My Translation Process

My Translation Process

In university, I studied literary translation (German and Japanese), scientific translation (Japanese) and economic translation (Japanese). But more important than learning vocabulary and terminology, I learned translation methodology.
Here’s my own method that I've put together from what I learned in university and my own experience broken down step by step:

1: Reading and Parsing the Text

One of my lecturers told me that the translator must be “the most attentive reader of the text”. This is a must for producing an accurate translation. When I was in university, reading a huge block of text in Japanese used to intimidate me, so I got into the habit of parsing through the text and separating out the different parts of the sentence. I used to highlight the different parts of the sentence in different colors, but now that I have a firmer grasp on my Japanese, I no longer feel the need to do that. I do still find it helpful to parse the text and separate out the sentence if anything just to help me to concentrate on what I’m reading better.

2: Building a Glossary

While I’m reading and parsing, I will highlight any words I don’t understand. Even if I understand the word but am not 100% certain of the usage I will still highlight it anyway. I will then use a few different websites (Jisho, Weblio, Linguee, even Google Translate) to make a glossary. I’m not provided with any dictionaries, translation memory software or term bases by my employer, so while I’m aware that these sites are not always the best quality, I don’t really have any other options (I’m always open to suggestions!).

3: Target Audience Assessment

There is one more step for me before I begin the translation - assessing the target audience. I ask myself :

  • Who created the original document?
  • Who was this document created for?
  • What is the purpose of this translation?
  • What type of language will this translation require? (register, level of difficulty, terms to avoid etc)
    For most of my work, the target audience is foreign nationals living within my city who’s English ability would be stronger than their Japanese ability. However, this does not automatically mean that their first language is English, so it means I have to be careful about the register/level of difficulty of the words I chose. I would use a much different writing style for these type of texts than I would if I was translating a text meant for a native English speaker, or a text requiring a very formal register, like a letter to an ambassador.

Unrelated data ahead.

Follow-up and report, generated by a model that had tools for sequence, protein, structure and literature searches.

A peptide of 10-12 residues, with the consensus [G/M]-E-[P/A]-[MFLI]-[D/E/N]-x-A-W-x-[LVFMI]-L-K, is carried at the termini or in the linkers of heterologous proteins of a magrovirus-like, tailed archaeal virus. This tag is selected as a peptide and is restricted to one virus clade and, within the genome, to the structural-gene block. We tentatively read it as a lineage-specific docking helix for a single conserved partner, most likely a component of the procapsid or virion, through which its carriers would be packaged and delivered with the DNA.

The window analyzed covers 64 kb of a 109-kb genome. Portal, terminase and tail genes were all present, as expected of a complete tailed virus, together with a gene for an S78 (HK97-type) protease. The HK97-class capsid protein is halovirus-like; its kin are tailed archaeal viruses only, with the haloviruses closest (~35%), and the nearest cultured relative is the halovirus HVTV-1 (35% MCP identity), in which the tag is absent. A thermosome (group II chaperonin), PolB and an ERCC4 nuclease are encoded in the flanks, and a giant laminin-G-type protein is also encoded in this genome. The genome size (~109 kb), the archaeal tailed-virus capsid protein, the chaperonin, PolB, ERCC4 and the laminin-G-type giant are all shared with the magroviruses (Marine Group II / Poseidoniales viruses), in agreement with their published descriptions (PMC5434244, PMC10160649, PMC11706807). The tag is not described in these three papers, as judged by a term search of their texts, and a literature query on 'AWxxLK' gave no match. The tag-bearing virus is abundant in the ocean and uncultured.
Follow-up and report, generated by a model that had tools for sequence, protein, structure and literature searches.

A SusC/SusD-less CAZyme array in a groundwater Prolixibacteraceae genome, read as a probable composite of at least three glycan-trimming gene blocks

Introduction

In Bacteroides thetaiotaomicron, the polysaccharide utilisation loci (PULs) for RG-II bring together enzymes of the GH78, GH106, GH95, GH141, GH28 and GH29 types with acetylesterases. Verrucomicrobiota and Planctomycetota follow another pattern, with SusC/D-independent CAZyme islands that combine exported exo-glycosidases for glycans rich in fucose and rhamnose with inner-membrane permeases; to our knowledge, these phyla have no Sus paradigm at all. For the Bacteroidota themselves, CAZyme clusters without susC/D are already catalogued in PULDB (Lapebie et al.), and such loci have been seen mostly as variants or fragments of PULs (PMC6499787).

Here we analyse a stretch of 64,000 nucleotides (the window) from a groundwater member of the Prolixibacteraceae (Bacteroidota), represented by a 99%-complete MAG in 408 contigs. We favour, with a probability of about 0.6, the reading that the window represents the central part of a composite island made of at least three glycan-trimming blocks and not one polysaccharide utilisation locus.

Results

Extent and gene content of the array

4: Translation

Once my preparation has been completed, I can begin to translate the text. I go through the text sentence by sentence, using the glossary that I created. I learned that it takes a trainee translator an average of 2.5 hours to complete an A4 page. I don’t generally time myself while I’m working, but I know that I’m the past year and a half, I’ve certainly become much much faster. Japanese to English is a very complicated language pair, so it can end up taking a while to find creative solutions to tricky problems. For example, in Japanese formal letters there are many phrases to denote respect and politeness that have no meaning in English when translated directly. In this case it’s more important to convey the sentiment of respect/politeness in appropriate English than remain 100% faithful to the source text. Once I’ve finished, I’ll read through the text a few times to proof-read it for spelling and grammar errors.

5: Let it Rest

After I’ve completed my proof-read, I’ll leave the text alone. If the deadline is very short, I may only be able to leave it for a couple of hours but in my experience, the ideal amount of time to leave a text for is overnight. Coming back to look at the text with fresh eyes the next day allows me to spot any errors I may have missed in my initial proof-read, and come back to any problems I couldn’t find good solutions to the previous day. Reading portions of the text aloud is also useful for proof-reading a text and ensuring that the text makes good sense in English.

6: Source Language Check, Target Language Check

Once I’ve completed my own proof-reading, I’ll usually get my Japanese co-worker and my English-speaking co-worker to check my text for errors. A check by a native English speaker is just as important as a check by a Japanese speaker! Once I’ve incorporated their feedback, I’ll do one last proof-read and then submit it.

I am by no means a professional translator yet, but so far this process has worked very well for me.
My goals as a translator are:

  • to continue to improve my speed
  • to continue to improve my accuracy
  • to get better at translating colloquial Japanese
  • to get better at making my English translations more accessible

Thank you very much for reading!